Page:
Thursday, July 1, 2010

The Most Basic Economic Question

The study of economics has had something of a renaissance since the recession hit. Everyone wants to know how to understand why we suddenly seem to be much less wealthy. Indeed, it's an intriguing question: how can the mistakes of some lenders and borrowers in mortgages result in a recession that shreds jobs all over the market? Economists have offered many competing and contradictory answers for why this crash happened and what needs to be done to fix it, but either way people seem to be listening.

I don't actually understand economics very well: it involves a complicated set of rules and understandings whose relation to reality is not entirely clear. One thing I do understand, however, and one thing that economists of any school will agree on is that good economic policy should serve to bring about the biggest growth. Some economists believe this growth comes better from a powerful consuming middle class, others feel that it relies on rich investors seeking ways to turn their money into even more money, but every economist I read seems to agree that maximum growth (often in terms of GDP growth) is the ideal.

Bundled into that question is an implicit endorsement of utilitarianism, or the philosophy that the greatest good is that which grants the greatest amount of happiness to a given group. That's necessarily endorsed by valuing GDP, because GDP is merely a way of measuring utility over a nation. It doesn't on its own give clues as to how that utility is divided among citizens, it just tells you on aggregate what utility the nation has. The interesting question here, it seems to me, is this: is the goal of economic growth in the form of GDP growth actually a good one to pursue?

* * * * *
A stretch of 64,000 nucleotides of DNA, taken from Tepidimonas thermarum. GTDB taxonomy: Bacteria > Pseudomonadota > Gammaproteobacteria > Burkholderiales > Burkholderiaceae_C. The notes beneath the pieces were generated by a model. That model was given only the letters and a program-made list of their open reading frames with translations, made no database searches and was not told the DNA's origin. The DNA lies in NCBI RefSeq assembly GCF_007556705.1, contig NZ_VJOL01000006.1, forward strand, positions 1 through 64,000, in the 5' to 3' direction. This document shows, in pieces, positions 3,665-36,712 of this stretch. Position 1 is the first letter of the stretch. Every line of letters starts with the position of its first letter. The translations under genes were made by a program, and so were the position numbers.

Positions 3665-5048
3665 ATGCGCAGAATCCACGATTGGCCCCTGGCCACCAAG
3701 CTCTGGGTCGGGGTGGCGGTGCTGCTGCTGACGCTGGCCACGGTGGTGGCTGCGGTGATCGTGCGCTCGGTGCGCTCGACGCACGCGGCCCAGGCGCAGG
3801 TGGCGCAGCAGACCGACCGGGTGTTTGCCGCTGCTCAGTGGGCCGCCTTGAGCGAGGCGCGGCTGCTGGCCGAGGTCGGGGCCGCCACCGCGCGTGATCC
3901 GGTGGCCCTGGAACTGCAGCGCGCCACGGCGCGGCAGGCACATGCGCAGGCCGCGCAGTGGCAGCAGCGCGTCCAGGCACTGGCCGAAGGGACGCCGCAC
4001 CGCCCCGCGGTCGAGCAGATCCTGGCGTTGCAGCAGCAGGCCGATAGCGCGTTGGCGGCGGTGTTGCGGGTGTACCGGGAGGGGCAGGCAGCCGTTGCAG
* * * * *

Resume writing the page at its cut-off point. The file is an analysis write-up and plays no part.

To illustrate why this isn't a trivial question, consider the following common critique of utilitarianism: Say you're standing on top of a bridge with an exceptionally stout fellow. Below the bridge is a trolley track with five workmen on it wearing headphones to protect their ears from the sounds of their jackhammers and so on. Glancing up into the distance, you see an oncoming trolley car! It appears that someone forgot to hit the switch that would disallow the trolley from coming down this track while people were working on it. In your panic, your mind comes up with two possible choices for this situation. One is that you could just wait, admit there's no good choice and let the trolley hit the five workmen who wont hear it's approach. Your other option is that you could give the fat man standing next to you a shove off the bridge and onto the track and let him get hit by the trolley, slowing it down enough that you could save the five workmen. What do you do?